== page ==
Following today’s release of Next’s figures for Q1 FY2022/23; Emily Salter, senior apparel analyst at GlobalData, a leading data and analytics company, offers her view: “Next has had a good start to its FY2022/23, with total full-price sales rising 21.3% on the year, and 19.5% on a three-year basis, as its LABEL branded proposition drives the retailer’s sales. In March it stated that sales at the start of its FY2022/23 were exceeding its expectations, but this must have abated somewhat as the retailer’s guidance for the year remains unchanged. As the rising costs of living started to bite in April, the midmarket stands to be squeezed this year as consumers trade down and reduce their non-essential spending. However, Next is poised to prosper as its wide range of brands, including some value players such as F&F, and products, including more essential items like childrenswear, will protect it from the worst of the impacts of inflation.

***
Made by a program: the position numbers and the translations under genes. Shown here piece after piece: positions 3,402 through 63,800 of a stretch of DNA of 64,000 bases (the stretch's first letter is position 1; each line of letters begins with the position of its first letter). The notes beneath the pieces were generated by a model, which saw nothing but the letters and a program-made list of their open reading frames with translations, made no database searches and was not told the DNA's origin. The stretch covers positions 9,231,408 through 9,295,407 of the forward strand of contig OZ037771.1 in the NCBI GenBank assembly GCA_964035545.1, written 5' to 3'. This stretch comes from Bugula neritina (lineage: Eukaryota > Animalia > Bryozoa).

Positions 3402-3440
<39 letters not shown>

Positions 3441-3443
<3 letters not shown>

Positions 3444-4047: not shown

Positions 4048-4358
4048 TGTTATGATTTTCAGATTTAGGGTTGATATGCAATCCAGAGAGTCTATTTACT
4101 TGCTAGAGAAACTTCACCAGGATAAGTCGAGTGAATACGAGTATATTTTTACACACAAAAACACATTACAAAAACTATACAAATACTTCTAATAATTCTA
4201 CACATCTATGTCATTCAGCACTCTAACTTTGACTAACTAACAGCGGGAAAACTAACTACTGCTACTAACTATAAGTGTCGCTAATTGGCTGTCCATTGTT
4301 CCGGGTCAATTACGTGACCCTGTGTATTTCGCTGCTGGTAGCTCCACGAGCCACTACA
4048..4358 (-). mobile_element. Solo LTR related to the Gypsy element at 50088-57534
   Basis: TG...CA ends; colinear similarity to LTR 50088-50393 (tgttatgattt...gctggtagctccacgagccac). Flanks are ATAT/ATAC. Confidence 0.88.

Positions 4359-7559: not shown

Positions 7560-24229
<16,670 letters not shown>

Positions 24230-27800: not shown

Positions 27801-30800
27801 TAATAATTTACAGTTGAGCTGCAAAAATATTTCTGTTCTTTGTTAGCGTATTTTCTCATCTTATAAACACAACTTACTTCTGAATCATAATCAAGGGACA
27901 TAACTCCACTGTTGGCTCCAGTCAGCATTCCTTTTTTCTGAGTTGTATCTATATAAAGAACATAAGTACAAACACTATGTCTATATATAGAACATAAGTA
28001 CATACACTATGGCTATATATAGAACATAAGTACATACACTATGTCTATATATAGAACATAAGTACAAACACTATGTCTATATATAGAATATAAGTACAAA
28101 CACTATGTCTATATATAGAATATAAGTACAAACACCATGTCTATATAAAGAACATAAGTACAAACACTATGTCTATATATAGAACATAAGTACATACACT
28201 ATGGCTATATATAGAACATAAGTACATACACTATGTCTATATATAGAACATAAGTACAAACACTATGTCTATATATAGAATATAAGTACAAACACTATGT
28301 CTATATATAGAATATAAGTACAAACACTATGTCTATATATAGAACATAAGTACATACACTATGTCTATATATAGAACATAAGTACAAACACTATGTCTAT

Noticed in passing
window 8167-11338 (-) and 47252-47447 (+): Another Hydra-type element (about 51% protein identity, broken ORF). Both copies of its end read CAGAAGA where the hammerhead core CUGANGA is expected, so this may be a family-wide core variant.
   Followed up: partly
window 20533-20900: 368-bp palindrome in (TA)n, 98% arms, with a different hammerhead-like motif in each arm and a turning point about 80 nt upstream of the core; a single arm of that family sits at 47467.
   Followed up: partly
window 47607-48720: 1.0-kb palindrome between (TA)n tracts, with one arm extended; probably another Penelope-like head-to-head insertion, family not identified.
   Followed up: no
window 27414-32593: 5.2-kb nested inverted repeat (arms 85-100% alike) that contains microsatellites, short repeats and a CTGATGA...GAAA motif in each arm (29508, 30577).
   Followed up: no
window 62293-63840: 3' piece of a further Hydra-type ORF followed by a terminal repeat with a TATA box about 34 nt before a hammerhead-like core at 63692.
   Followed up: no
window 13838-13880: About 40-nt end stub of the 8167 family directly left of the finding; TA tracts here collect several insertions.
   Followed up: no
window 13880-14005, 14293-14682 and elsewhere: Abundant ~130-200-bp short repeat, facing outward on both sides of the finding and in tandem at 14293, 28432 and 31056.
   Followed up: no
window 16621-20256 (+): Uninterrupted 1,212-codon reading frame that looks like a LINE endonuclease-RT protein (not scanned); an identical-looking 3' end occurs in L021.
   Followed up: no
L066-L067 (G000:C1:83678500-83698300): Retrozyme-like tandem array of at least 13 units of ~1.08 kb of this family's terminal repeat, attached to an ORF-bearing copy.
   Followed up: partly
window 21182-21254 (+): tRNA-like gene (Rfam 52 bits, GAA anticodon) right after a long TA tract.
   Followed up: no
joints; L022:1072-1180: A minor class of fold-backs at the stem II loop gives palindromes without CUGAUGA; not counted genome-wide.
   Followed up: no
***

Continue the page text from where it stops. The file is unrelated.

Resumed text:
“Though total online sales were down 11% year-on-year, this was driven by Next branded products (-24%) due to the switch to online experienced last year and the retailer’s already high online penetration, with total online sales an impressive 47% higher than Q1 FY2019/20. Conversely, retail revenue growth is massively inflated as it came up against a period of store closures last year, with sales via this channel down 8% on a three-year basis. However, this trend is to be expected, as even innovating and introducing new features in its stores cannot take away from the front-of-mind appeal that Next has built for its online proposition, especially its wide range of brands that makes it extremely convenient to purchase from.
“In some of its stores, Next increasingly resembles a department store, with a growing number of branded areas, including Reiss and recently GAP, as well as an increased focus on homewares and beauty. Though in some locations this will allow Next to further gain from the closure of Debenhams and John Lewis & Partners stores, there was a reason for these closures and the demise of the midmarket department store—they are simply not needed as much because of the rise of online marketplaces, like Next itself.”